The Methodist Center for Liver Disease and Transplantation is one of the most active liver transplant centers in the United States; in 2010 alone, our surgeons performed 44 liver transplants, and our patient survival rate is 95 percent.
Reasons for a Transplant
Diseases such as cirrhosis, hepatitis, and liver cancer can damage the liver and interfere with its ability to perform its many functions for the body, including blood filtration, fat metabolism, and blood sugar regulation. When the liver becomes damaged to the point that it can no longer perform these functions, the patient will need a liver transplant.
Types of Liver Transplants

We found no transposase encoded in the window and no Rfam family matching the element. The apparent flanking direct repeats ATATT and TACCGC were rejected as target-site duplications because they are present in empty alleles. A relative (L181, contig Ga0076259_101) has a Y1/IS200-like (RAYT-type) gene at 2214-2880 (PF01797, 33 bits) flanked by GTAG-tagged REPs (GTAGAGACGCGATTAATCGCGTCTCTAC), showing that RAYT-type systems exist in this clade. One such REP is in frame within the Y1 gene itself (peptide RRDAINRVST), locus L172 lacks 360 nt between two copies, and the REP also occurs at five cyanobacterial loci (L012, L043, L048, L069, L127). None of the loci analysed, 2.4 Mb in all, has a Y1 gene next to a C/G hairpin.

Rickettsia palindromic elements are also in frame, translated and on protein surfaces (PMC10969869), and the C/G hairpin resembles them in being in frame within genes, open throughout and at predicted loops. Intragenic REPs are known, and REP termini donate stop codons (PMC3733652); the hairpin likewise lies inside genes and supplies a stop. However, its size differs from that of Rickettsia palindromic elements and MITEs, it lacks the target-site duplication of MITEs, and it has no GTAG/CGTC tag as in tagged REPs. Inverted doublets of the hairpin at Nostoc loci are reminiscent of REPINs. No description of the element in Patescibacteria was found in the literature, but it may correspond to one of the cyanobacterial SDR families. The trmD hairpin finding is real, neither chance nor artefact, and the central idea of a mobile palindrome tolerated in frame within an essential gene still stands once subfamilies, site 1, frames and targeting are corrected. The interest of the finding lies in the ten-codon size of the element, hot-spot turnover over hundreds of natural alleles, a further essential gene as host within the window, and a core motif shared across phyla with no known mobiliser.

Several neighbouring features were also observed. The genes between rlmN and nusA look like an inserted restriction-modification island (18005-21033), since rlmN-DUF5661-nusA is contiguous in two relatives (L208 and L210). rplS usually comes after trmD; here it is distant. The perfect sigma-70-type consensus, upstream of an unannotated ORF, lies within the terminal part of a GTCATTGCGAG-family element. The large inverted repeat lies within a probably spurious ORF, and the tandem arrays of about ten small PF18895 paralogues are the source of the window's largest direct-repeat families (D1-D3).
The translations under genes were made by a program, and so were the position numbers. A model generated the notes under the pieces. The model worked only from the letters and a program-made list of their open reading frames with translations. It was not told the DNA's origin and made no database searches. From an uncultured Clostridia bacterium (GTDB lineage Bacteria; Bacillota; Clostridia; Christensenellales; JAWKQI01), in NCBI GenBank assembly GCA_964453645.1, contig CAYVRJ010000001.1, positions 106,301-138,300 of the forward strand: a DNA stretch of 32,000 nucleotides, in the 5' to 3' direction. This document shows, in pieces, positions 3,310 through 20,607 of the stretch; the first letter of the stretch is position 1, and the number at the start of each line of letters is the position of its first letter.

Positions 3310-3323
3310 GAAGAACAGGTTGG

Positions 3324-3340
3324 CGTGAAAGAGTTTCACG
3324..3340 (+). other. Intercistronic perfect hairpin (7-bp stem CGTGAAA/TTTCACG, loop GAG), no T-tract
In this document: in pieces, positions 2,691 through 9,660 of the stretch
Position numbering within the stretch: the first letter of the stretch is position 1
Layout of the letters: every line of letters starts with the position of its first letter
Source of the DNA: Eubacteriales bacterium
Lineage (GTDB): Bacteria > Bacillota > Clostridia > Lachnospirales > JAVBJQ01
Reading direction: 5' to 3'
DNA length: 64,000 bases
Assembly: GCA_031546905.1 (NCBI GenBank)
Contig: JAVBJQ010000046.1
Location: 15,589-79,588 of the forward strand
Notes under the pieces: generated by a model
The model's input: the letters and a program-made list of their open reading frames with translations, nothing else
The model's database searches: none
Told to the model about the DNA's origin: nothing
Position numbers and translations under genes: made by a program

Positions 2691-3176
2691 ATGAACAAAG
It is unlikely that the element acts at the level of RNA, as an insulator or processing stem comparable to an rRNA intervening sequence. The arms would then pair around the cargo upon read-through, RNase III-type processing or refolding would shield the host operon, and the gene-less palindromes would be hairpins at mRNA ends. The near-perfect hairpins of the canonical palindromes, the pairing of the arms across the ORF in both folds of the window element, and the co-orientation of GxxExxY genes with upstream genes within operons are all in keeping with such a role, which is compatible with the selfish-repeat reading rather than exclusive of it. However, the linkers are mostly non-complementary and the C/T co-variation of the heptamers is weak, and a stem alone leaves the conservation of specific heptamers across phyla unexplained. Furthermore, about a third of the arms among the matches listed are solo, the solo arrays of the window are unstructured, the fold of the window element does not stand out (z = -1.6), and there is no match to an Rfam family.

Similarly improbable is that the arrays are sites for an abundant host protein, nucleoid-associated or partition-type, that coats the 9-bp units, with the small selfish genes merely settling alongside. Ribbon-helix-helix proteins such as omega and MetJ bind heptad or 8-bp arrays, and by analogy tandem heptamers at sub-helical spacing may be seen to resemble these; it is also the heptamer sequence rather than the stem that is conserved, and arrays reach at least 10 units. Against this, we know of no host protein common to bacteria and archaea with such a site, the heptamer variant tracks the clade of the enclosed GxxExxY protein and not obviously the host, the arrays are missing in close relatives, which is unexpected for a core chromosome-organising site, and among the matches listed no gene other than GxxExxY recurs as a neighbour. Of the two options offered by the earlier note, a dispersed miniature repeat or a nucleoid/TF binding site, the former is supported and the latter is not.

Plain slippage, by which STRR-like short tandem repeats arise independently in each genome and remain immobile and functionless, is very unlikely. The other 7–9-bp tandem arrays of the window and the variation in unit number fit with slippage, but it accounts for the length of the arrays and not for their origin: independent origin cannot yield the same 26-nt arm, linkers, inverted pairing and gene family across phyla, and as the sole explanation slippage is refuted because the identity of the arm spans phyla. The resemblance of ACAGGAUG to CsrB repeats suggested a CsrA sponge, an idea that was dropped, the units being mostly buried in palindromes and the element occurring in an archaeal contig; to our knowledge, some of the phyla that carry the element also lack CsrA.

The liver is second only to the kidneys as the most-transplanted organ in the United States. There are two basic types of transplants:
- Deceased Donor Liver Transplant: After a person who has agreed to be an organ donor has died, surgeons remove his or her liver and use it to replace the patient’s damaged liver. In some cases, it is possible to split a donor liver into two parts and transplant each into a different recipient, called a split liver transplant.
- Living Donor Liver Transplant: A healthy person donates a part of his or her liver to the recipient. This procedure is becoming the most common option for children, mainly due to the limited supply of child-size livers available.
For more information, see Liver transplants.
To find out more about the Methodist Center for Liver Disease and Transplantation, call us at 866-94-LIVER (866-945-4837) or send us an email.